Billionaire owner of Cartier and Piaget, Johann Rupert, once referred to himself as “Rupert the Realist.” As he approaches 73, the president of Compagnie Financière Richemont may have to resort to his boastful pragmatism to decide the future of his $81 billion luxury empire.
In the run-up to the Covid-19 pandemic, Richemont’s shares were struggling to match the price of its biggest rivals. Investors punished the expensive 2018 acquisition of digital group Yoox Net-A-Porter, which it is now selling. The depressed price of the Swiss group came to attract the interest of Kering boss Francois-Henri Pinault, who proposed a merger.
It seems that the tables have turned. The rapid growth of Richemont’s high-margin jewelery business has seen shares rise 63% in the past two years. But, even at a higher valuation, Rupert could receive new offers: Bernard Arnault, owner of LVMH, a conglomerate valued at $430 billion, would be delighted to buy Richemont, the Swiss newspaper Finanz und Wirtschaft hinted last month.
Richemont’s tight governance structure means that no transaction could take place without Rupert’s consent. But an approach by Arnault could cause the South African tycoon to seriously reflect on the prospects of his company. With free cash flow of about $17 billion this year, LVMH could afford to buy Richemont for cash without needing to borrow heavily. But that would exclude Rupert from any future growth for the giant Tiffany-Dior.
A cash and stock offer might be more palatable. However, finding the appropriate balance of power would be tricky. Despite owning only 10% of Richemont’s outstanding capital, Rupert controls 51% of the voting rights thanks to his special class B shares. Maintaining that same power in a hypothetical merger seems difficult.
Rupert may decide to continue as is. Richemont’s biggest brand, Cartier, which is expected to achieve an operating margin of 4 billion euros in the 12 months to March 2024, could sell for 80 billion euros ($84 billion) on its own. if it were valued at a multiple of 20 times, the same as other brands in the luxury sector, according to Breakingviews calculations based on data from Visible Alpha. That exceeds Richemont’s current market capitalization, indicating the stock has room for growth.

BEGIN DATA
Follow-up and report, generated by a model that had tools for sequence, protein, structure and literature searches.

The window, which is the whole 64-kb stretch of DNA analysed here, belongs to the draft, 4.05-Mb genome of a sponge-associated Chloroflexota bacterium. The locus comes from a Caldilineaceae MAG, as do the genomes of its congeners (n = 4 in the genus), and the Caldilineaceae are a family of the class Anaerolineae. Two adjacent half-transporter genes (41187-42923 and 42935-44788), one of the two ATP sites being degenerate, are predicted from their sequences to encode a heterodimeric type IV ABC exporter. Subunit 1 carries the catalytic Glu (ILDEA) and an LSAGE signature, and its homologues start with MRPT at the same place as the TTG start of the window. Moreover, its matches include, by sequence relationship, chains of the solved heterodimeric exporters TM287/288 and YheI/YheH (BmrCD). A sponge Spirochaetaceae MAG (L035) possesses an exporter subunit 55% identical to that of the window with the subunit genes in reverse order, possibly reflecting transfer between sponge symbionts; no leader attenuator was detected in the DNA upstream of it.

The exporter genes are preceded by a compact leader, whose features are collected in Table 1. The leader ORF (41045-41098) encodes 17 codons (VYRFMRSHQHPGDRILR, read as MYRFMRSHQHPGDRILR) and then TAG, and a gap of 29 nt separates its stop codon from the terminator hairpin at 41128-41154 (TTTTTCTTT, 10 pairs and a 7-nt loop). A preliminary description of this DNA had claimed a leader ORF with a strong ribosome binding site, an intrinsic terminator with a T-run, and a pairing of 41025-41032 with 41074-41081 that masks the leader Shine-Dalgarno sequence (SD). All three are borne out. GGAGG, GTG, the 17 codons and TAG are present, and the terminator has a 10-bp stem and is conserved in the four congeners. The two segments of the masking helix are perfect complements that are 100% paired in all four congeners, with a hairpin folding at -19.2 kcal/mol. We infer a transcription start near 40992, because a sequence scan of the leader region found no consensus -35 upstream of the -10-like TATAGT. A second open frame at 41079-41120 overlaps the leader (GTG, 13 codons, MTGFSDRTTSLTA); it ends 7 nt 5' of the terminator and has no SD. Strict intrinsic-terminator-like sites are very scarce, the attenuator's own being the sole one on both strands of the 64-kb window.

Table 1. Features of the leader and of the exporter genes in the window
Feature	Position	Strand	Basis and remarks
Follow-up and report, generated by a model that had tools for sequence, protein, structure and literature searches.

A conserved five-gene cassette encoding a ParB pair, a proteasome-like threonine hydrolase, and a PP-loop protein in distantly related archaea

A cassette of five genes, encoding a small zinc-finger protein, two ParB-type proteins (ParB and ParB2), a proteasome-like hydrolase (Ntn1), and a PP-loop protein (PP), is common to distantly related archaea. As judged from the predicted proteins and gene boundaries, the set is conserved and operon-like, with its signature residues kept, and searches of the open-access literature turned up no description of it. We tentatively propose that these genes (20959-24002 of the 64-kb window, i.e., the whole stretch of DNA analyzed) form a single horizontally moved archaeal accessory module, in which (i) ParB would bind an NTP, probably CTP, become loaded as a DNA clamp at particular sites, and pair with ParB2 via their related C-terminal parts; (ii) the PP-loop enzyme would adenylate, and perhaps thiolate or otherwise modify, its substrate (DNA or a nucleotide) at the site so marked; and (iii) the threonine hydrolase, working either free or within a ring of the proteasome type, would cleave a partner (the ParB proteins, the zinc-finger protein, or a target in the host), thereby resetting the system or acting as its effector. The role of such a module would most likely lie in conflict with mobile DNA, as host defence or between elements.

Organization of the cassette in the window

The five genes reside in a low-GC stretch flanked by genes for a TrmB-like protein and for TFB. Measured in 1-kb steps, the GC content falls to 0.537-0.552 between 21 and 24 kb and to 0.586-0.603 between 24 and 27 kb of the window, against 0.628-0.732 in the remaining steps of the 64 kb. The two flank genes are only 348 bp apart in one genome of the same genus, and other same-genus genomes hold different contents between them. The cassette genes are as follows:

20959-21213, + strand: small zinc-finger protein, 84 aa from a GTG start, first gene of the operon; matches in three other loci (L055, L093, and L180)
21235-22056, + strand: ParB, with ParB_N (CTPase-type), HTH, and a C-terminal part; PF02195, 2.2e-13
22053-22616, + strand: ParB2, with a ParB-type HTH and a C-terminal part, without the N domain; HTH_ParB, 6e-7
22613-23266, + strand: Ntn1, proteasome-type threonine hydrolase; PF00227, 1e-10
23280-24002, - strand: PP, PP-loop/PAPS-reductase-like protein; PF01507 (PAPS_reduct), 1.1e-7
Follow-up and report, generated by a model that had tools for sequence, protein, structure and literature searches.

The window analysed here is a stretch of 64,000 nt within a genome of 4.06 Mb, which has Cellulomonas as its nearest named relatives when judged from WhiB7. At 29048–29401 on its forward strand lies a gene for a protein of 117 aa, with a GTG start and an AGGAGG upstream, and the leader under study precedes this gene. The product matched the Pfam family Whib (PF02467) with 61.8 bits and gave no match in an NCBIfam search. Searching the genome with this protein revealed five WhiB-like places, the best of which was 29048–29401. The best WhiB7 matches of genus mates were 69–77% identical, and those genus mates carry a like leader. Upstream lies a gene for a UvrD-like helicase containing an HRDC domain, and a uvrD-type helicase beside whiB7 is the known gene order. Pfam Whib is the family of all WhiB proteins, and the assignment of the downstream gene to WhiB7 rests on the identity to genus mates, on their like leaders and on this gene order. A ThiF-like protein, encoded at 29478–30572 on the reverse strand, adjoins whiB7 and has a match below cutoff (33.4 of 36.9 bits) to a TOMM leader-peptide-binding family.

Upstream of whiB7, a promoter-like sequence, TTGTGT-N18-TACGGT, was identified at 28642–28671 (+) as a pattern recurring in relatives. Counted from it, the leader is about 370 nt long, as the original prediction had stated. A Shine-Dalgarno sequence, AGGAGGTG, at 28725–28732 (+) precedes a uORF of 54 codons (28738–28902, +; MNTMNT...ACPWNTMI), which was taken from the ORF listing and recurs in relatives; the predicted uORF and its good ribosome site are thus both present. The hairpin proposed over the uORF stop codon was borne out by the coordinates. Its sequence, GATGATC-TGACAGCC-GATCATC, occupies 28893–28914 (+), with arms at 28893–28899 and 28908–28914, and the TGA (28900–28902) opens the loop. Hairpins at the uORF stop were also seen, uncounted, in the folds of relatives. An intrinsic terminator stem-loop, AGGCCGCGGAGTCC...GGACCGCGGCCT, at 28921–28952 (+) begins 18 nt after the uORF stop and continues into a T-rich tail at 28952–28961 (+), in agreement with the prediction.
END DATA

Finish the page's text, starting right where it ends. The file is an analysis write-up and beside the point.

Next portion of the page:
To get more backing from investors, Rupert may need to clarify his succession plan. Rivals have taken steps to involve the next generation. Arnault chose his daughter Delphine to lead his second-biggest brand, Christian Dior. On the other hand, the owners of Prada have appointed the veteran manager Andrea Guerra as CEO, to prepare her son, Lorenzo Bertelli.
Rupert has not indicated whether he intends to hand over command to his son Anton. But he hasn’t clearly promoted any of Richemont’s top managers either. Holding on to the company that owns Cartier makes sense, but a pragmatic approach to succession would help unlock its hidden value.
FOR MORE INFORMATION: BREAKINGVIEWS.REUTERS.COM
The authors are columnists for Reuters Breakingviews.
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